The collaboration between the trucking industry and federal regulators is bound to strengthen once the tenure of Ray Martinez at the Federal Motor Carrier Safety Administration kicks off.
If confirmed, Martinez, President Donald Trump’s choice to lead the trucking and bus regulator, said he would carry out the administration’s effort of drawing in stakeholders for high-level talks on safety and policy matters.
Martinez’s sentiment, which he shared in a questionnaire for senators considering his nomination, was echoed at American Trucking Associations’ annual conference by the secretaries of labor and transportation. Secretary Alexander Acosta, at the Labor Department, promised not to “micromanage apprenticeships from Washington” as he touted programs targeting job creation for commercial drivers. Elaine Chao, head of the Transportation Department, reminded trucking executives that “FMCSA is also working with ATA and other industry and safety stakeholders.”
ATA President Chris Spear welcomes open and frank dialogue with regulators and policymakers. As he put it, in a reference to the Cabinet secretaries during his State of the Industry address Oct. 23: “Together, these two leaders are committed to working with ATA so our industry can responsibly recruit, hire, train and retain talent.”
Later that day, at a workshop in which Rep. Earl Blumenauer (D-Ore.) staunchly supported an increase of the federal fuel tax, Spear told ATA members to engage in bipartisan discussions with policymakers. The safe movement of freight nationwide is everybody’s priority.
THE WEEK AHEAD (all times EDT):
Oct. 24, 9:30 a.m.: House Natural Resources Committee meets for a hearing on disaster relief in Puerto Rico.
Oct. 25, 10 a.m.: Senate Environment and Public Works Committee considers the nomination of Paul Trombino to become administrator at the Federal Highway Administration.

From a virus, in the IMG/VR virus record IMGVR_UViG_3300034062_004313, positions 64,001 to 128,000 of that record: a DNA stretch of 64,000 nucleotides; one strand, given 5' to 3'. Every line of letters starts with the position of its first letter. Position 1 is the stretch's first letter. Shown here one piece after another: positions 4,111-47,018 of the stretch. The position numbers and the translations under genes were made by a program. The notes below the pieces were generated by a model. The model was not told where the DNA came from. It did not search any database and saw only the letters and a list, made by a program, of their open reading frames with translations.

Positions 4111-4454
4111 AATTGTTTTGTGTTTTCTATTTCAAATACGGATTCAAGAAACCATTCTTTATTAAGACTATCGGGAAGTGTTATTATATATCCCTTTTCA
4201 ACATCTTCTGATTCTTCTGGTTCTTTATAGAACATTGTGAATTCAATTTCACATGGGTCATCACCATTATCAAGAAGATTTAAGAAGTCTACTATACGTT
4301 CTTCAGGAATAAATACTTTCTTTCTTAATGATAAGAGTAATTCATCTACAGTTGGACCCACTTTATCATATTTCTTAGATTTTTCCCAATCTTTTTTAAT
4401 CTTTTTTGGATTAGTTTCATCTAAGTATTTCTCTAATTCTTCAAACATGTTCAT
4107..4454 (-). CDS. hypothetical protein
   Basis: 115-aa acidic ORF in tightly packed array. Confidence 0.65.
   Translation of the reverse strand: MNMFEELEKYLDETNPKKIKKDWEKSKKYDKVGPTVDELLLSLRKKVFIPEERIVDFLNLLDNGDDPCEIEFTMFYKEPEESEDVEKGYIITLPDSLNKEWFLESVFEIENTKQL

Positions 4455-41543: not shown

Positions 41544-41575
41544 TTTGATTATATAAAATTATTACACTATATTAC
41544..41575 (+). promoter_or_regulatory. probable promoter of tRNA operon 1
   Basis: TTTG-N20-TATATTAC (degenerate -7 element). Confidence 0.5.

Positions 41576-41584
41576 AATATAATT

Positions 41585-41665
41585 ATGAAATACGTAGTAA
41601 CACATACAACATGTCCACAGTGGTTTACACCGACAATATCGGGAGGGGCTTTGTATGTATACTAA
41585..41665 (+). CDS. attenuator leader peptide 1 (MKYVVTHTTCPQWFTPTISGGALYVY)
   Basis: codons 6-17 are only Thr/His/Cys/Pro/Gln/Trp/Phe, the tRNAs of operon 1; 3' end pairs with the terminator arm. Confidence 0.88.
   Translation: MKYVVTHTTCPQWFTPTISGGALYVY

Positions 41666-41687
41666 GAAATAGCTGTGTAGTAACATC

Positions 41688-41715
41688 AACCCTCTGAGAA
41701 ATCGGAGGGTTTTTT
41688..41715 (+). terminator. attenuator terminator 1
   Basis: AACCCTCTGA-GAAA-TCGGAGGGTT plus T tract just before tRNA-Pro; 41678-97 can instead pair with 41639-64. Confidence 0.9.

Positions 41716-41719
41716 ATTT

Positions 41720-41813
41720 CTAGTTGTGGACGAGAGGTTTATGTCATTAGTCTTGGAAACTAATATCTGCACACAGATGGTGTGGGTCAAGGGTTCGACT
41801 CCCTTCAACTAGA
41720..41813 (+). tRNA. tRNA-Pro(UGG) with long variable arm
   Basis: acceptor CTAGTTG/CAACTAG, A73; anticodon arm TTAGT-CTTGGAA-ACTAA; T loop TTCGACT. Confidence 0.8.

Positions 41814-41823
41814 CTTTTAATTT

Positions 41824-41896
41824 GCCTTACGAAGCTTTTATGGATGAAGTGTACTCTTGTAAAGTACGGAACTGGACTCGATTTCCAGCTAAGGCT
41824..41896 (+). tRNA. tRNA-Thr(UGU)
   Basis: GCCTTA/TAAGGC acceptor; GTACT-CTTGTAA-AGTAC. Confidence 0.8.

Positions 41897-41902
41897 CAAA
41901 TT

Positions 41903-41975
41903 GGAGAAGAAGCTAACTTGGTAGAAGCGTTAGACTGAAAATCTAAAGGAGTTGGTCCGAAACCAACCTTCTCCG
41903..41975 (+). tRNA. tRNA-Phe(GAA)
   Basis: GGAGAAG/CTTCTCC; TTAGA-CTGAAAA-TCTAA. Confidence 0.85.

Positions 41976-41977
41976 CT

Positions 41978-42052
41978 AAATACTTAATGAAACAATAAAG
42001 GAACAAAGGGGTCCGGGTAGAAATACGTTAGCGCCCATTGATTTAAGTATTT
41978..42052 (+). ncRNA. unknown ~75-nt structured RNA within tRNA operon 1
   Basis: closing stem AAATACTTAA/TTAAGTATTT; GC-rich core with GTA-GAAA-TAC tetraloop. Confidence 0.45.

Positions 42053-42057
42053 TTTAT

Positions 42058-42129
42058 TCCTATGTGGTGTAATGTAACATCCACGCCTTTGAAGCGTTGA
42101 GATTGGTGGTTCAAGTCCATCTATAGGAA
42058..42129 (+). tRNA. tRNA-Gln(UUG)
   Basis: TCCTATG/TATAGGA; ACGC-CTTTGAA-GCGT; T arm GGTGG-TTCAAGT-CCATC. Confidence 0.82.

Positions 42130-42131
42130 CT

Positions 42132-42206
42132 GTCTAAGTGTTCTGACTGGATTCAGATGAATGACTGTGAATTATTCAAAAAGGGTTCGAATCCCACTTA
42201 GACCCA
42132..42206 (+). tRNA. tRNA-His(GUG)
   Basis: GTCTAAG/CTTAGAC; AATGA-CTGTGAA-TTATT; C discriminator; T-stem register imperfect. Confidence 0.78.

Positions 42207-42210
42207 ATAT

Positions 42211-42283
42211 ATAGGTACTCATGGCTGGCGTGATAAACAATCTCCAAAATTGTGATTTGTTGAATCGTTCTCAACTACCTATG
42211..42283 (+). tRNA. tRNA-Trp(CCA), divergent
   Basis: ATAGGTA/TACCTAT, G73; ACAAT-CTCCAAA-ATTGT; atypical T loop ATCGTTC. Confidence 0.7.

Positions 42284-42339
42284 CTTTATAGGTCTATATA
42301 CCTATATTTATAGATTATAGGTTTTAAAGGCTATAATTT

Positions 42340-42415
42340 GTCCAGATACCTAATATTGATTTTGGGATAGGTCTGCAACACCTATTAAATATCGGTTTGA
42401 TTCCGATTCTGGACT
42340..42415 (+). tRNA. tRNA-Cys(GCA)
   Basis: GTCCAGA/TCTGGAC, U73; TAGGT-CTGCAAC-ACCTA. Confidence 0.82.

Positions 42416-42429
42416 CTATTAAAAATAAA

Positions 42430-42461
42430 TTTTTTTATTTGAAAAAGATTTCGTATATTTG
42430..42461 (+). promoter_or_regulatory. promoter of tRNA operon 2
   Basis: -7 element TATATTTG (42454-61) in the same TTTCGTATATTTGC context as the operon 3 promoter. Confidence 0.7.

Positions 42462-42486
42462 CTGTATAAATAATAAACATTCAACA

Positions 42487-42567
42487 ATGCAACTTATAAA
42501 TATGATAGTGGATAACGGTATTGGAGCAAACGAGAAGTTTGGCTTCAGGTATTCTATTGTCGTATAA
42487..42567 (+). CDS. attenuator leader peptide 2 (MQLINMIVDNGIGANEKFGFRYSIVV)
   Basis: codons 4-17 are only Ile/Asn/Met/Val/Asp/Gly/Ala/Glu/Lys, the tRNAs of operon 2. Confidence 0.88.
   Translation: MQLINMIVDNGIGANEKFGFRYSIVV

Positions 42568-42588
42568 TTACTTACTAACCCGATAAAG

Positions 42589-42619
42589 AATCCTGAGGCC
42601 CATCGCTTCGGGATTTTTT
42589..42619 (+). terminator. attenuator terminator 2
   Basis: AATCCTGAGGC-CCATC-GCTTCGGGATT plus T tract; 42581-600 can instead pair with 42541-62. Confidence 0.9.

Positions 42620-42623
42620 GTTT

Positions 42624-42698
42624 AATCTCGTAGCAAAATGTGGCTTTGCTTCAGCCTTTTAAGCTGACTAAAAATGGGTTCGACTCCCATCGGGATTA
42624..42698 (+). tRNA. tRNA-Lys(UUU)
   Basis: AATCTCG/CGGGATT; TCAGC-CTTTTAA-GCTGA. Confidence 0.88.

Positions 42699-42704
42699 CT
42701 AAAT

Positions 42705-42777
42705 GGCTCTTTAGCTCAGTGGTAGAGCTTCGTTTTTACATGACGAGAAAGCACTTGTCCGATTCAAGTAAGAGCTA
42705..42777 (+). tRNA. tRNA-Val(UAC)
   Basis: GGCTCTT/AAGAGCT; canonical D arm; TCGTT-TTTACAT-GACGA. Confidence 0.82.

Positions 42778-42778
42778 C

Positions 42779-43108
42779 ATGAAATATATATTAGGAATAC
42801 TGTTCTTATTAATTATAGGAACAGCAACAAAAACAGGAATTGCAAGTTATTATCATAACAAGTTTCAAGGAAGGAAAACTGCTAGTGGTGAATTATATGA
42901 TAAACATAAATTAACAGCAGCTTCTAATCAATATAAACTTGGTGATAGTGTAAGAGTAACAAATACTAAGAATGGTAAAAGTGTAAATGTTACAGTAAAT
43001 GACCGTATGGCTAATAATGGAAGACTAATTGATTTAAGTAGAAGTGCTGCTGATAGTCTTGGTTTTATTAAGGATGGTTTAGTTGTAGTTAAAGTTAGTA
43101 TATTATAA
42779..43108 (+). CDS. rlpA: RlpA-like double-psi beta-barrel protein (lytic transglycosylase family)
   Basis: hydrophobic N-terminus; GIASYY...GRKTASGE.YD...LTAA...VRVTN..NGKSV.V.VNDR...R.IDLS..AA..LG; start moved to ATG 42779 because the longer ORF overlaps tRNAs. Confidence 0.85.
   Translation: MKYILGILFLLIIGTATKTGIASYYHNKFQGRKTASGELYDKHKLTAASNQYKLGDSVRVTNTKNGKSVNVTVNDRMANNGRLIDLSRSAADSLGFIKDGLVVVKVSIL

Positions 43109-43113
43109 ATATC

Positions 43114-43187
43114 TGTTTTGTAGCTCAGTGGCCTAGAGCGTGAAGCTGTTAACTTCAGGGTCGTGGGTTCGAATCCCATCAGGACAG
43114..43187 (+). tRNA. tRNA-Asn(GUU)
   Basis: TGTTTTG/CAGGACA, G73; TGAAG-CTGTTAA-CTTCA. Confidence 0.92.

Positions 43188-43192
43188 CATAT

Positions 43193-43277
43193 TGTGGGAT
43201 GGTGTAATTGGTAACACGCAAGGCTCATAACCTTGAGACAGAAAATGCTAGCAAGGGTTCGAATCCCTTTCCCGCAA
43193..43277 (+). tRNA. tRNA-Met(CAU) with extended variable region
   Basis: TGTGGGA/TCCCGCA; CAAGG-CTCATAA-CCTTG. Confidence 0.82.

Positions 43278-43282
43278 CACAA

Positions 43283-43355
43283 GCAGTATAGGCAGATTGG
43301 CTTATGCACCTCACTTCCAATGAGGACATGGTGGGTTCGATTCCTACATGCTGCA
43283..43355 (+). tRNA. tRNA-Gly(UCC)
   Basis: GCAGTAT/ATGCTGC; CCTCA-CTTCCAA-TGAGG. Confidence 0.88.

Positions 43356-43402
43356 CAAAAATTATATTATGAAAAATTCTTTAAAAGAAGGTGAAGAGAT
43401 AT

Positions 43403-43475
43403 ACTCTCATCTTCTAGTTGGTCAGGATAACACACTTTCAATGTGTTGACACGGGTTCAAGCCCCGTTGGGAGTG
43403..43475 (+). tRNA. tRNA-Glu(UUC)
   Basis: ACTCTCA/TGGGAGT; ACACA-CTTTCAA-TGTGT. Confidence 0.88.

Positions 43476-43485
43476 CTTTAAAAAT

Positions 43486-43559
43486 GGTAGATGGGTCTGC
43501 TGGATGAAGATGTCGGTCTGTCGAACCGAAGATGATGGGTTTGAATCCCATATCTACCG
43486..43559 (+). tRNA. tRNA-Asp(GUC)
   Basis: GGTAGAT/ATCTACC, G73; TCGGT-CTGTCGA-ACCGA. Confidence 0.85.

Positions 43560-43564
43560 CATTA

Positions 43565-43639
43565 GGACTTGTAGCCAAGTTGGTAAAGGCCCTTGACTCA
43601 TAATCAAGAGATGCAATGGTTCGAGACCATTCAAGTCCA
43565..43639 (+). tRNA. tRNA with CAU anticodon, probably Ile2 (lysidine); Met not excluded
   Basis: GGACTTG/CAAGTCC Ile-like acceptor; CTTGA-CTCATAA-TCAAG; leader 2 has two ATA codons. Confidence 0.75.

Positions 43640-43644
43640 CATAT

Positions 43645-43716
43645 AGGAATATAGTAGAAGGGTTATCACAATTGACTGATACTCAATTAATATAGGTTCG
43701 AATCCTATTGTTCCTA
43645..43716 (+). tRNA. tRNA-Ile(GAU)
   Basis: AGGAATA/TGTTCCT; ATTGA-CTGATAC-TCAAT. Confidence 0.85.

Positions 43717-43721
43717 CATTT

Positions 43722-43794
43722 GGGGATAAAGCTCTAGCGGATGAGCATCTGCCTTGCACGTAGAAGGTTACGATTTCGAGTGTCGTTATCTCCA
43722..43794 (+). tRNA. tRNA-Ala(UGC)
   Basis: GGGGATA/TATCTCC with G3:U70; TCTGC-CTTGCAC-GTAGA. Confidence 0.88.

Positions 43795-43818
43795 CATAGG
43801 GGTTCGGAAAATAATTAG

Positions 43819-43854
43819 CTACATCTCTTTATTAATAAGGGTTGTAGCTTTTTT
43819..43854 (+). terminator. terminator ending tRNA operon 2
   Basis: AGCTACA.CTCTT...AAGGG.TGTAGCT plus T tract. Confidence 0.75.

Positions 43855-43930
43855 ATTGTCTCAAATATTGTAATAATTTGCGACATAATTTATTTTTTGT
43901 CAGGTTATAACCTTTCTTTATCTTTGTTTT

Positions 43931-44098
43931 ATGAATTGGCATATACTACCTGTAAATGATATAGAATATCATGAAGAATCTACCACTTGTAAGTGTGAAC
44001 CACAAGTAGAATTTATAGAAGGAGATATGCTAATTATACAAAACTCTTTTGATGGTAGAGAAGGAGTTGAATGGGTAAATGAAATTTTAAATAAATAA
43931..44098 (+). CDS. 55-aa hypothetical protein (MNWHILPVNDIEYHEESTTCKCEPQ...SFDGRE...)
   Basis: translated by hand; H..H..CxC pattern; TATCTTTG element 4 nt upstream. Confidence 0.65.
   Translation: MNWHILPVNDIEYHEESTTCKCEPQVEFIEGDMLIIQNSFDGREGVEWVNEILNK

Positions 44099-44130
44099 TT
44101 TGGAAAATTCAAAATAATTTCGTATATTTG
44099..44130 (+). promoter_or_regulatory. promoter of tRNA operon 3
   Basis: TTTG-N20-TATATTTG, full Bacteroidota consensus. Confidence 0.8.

Oct. 25, 4 p.m.: Bloomberg Government hosts a discussion on “Building a Smart City,” focusing on urban innovation. Participants include Steve Crout, vice president of government affairs at Qualcomm; Josh Emig, head of research and development at WeWork; Jeff Friedman, director of Microsoft CityNext; and Diane Hoskins, co-CEO of Gensler.
IN CASE YOU MISSED IT:
UPS ELDs: The Federal Motor Carrier Safety Administration will grant UPS Inc. temporary exemption from parts of the upcoming electronic logging device mandate, according to a document scheduled for publication in the Federal Register on Oct. 20.
PUERTO RICO: The distribution of essential supplies and recovery kits in Puerto Rico is occurring in higher volumes, helping to improve conditions there, according to two freight firms with operations in the U.S. territory that was devastated by Hurricane Maria.
DAIMLER: Daimler AG announced it is taking steps to separate its Daimler Trucks & Bus and Mercedes-Benz Cars & Vans divisions into two legally independent and more entrepreneurial entities still under the “roof and the lead” of Daimler. http://www.ttnews.com/articles/daimler-takes-steps-separate-car-truck-units
A confirmation hearing for the nominee to lead FMCSA is likely to occur before the end of the year, sources say.
WHAT WE’RE READING:
The Week spotlights funny man Stephen Colbert breaking down “elite truckers.”
Back in Washington, anti-truck and amateur hour advocacy groups believe they know what’s best for our industry. This wave of special interests has built a cottage industry fueled by ideology, emotion and misguided narratives, all intended to divide our industry and this association. Obstruction is their weapon of choice.
American Trucking Associations President Chris Spear
at the Management Conference & Exhibition in Orlando, Fla., on Oct. 23.
POTUS gives himself a perfect score.
A reminder from FMCSA.
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